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The President of the Bank for International Settlements (BIS) has called on countries around the world to modernize legislation to legalize the introduction of central bank digital currencies.
Agustín Carstens broughtInternational Monetary Fund (IMF) figures suggest that around 80% of central banks either do not have the authority to issue their own digital currency or existing laws lack clarity on CBDCs. Carstens calls for this to be corrected: the launch and implementation of state-owned stablecoins must be legalized, and user privacy must be ensured.
“The public rightly demands suchforms of money that would meet their needs and expectations. Central banks can accommodate this request because they have already invested heavily in the development of CBDC, including studying the technical and operational characteristics. It is completely unacceptable if unclear or outdated legal regulations prevent the Central Bank from launching digital currencies. This work must be taken seriously, and quickly,” Carstens said.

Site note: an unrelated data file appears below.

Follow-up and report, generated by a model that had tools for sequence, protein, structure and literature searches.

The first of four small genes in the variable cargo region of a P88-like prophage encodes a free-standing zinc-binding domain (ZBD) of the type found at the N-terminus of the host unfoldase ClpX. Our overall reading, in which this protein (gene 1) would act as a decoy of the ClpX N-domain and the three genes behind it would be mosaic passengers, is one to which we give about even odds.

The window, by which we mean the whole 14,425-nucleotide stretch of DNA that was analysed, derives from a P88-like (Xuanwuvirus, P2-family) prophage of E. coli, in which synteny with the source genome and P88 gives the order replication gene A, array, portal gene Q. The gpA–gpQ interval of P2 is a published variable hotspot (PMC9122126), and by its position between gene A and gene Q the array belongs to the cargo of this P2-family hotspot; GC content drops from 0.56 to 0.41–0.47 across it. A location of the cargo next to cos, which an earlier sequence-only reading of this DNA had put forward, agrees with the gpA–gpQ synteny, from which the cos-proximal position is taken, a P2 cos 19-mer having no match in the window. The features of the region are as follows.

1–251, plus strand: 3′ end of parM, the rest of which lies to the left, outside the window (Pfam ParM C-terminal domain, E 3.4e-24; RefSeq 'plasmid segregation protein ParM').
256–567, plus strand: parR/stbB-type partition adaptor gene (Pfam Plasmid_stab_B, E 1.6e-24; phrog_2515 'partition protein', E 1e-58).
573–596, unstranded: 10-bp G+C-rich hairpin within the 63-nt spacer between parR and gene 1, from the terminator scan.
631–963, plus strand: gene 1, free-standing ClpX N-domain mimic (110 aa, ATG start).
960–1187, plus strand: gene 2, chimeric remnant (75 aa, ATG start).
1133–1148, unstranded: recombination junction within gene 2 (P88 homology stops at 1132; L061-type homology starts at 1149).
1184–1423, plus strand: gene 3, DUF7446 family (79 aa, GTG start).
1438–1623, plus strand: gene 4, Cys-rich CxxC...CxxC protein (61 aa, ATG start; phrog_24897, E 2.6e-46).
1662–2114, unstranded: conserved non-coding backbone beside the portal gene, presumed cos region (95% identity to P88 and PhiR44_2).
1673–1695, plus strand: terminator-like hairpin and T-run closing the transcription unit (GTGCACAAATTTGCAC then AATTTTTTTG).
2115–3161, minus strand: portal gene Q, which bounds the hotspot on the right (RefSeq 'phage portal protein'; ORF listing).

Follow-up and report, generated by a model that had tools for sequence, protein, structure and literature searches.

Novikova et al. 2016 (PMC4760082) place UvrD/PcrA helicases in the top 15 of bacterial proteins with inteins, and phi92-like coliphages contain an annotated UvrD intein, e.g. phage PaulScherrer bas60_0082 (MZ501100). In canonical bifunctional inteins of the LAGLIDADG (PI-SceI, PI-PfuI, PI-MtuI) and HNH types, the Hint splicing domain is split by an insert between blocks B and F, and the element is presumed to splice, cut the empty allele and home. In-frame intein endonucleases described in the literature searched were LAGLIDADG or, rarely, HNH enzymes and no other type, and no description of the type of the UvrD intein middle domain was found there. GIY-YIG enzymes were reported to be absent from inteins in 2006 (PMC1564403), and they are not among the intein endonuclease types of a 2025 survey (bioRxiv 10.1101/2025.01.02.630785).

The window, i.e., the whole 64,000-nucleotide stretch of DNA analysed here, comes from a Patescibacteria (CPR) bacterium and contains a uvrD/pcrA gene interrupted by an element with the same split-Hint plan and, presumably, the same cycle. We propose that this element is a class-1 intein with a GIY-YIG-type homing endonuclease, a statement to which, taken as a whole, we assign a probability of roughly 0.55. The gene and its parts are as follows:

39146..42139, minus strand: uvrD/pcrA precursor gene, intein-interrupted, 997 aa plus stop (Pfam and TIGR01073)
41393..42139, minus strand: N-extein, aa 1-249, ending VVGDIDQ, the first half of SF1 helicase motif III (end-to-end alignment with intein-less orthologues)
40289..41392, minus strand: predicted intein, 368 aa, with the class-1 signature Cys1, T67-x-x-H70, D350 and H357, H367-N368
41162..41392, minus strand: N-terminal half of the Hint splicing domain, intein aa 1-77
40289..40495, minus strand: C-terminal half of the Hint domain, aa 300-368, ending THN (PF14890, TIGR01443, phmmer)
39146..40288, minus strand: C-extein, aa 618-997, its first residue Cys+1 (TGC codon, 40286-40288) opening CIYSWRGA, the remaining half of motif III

The BIS President admitted:Due to differences in culture, traditions and laws, countries will approach the issue differently. According to Carstens, cooperation between central banks is crucial, otherwise there will be a fragmented structure in which different digital currencies will not be able to interact with each other.
BIS previously announced that it intends to develop new products using government digital currencies, as well as study the risks of decentralized finance (DeFi).